For those who are mobility-impaired, it’s possible to bird Fair Hill from the car by slowly driving (windows down) on Black Bridge Road from Appleton Road to the Covered Bridge, and then continuing west on Tawes Drive to the Race Horse Training Center, turning south onto Training Center Drive to exit Fair Hill onto MD Route 273. There is also good birding at the parking areas scattered through Fair Hill. ◾ Fair Hill is the site of a Thoroughbred race track used once a year for races that raise money for Union Hospital in Elkton. Fair Hill hosts international-caliber equestrian events throughout the year. ◾ The Fair Hill Training Center is a separate full-time Thoroughbred training center, with its own track. ◾ The site also hosts the county fair and numerous other large events. ◾ Fair Hill is a popular site for mountain biking, and the Delaware Trail Spinners have done much to maintain and mark the trails at Fair Hill. This club produced the Trail Map Alternate #2 at link at left. ◾ The Fair Hill Nature and Environmental Center, located near the Covered Bridge, offers educational programs for children and families. The Nature Center is a private non-profit organization that work in partnership with MD DNR and the Cecil County public schools. ◾ Fair Hill Nature and Environmental Center is a certified Maryland Association for Environmental and Outdoor Education (MAEOE) Green Center. ◾ The local chapter of the Maryland Ornithological Society is the Cecil Bird Club, which offers field trips and meetings with informative programs, all free and open to the public.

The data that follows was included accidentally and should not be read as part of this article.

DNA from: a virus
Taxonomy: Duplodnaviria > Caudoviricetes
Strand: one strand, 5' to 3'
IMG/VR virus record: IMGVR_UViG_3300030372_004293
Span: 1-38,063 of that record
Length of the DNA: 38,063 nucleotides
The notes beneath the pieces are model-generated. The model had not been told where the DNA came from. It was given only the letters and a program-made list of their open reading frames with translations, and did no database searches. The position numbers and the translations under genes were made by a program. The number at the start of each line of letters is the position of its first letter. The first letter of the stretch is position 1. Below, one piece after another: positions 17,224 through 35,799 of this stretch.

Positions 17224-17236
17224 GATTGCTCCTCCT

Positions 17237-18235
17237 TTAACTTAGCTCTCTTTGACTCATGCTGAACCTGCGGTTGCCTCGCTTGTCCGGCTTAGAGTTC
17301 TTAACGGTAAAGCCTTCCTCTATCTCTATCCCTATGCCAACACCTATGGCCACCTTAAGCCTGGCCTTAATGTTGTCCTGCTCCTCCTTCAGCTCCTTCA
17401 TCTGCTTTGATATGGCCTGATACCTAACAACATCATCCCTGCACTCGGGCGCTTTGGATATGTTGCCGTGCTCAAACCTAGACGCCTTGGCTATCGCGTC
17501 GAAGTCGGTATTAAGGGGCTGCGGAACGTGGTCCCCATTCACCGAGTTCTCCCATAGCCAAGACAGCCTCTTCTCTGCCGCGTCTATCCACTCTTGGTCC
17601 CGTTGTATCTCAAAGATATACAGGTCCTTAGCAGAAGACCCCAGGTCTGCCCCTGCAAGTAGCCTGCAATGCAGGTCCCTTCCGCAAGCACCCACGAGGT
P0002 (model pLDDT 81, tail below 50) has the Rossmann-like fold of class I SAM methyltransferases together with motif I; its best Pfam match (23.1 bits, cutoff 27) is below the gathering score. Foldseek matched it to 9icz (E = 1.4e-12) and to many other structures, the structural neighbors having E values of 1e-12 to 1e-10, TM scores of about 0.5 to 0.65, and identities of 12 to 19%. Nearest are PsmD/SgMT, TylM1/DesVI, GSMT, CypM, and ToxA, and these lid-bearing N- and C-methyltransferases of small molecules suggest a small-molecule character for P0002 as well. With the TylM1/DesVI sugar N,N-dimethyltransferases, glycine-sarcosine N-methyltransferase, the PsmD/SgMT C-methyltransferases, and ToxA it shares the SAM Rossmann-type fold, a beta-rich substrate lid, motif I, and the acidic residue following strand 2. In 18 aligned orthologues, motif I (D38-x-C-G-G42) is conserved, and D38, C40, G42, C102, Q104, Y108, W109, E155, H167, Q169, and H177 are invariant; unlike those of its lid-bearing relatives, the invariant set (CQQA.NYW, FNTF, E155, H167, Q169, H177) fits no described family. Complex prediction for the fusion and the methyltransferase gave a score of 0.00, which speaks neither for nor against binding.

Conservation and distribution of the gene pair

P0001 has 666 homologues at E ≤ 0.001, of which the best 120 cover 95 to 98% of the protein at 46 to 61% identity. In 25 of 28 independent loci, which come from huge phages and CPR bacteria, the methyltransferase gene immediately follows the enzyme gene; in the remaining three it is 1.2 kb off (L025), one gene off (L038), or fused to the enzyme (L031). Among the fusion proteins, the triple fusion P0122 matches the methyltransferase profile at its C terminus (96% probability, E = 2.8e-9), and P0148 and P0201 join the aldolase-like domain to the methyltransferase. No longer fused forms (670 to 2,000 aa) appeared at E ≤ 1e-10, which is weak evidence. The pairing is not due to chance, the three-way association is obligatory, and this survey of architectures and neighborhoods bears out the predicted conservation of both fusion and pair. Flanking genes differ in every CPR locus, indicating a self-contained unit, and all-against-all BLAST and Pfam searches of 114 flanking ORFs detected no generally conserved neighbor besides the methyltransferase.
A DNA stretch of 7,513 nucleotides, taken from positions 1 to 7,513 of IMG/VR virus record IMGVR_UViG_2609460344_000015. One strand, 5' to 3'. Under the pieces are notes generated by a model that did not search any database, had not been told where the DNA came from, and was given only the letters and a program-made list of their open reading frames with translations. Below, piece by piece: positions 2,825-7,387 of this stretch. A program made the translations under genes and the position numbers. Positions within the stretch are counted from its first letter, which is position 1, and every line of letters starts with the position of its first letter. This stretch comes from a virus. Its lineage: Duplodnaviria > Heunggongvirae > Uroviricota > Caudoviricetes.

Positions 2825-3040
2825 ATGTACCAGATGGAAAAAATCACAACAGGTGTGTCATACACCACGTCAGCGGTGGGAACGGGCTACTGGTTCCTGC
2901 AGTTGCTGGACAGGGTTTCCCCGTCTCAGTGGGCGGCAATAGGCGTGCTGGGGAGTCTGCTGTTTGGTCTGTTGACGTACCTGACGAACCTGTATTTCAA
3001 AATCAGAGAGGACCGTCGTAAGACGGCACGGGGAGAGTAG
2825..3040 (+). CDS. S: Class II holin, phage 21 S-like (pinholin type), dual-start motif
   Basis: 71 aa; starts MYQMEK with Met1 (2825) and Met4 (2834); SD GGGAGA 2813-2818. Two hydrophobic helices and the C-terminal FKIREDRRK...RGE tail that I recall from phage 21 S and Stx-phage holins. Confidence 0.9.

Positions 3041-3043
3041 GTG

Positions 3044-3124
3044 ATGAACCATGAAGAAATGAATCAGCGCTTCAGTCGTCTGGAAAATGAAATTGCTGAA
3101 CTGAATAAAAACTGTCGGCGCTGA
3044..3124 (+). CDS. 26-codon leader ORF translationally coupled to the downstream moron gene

The area near the Covered Bridge is the most popular area for birding.
- To reach Parking Lot #2 at the Covered Bridge: From I-95, take Exit 109 for Route 279 south and proceed south for approximately 2 miles to the intersection with Appleton Road /MD Route 316. Turn right to go north on Appleton Road (Route 316) and drive approximately 6.8 miles (proceeding half-way around the traffic circle at the intersection with MD Route 273) to Black Bridge Road. Turn left onto Black Bridge Road to enter Fair Hill. Parking lot #3 at the Black Bridge Road entrance is handy for birding on foot through the adjacent grasslands, or continue in your car west on Black Bridge Road for another mile to the intersection with Tawes Drive and the Foxcatcher Farm Covered Bridge.Use the parking lot there (designated by MD DNR as Parking Lot #2) for birding the trails on both sides of Big Elk Creek.
- Fair Hill NRMA Office: From the traffic circle at the intersection of MD Route 273 and MD Route 316/Appleton Road, travel west on Route 273 for 2.3 miles to Entrance Road #3. Turn left (south) and make another immediate left to go east on Ranger Skinner Drive for just 400 feet. Turn left to go north on Kennel/Training Center Road, which will take you on a bridge over MD Route 273. Travel one-half mile and turn right on Tawes Drive. The office is located on the right near the corner of Tawes Drive and Training Center Road. You can pick up a trail map here as well as ask questions about event schedules and trail conditions.
Additional parking lots throughout Fair Hill NRMA allow access to other areas; see the trail map at the link at left or use the following directions.. The street addresses are included for GPS navigation, and all are located in Elkton, Maryland.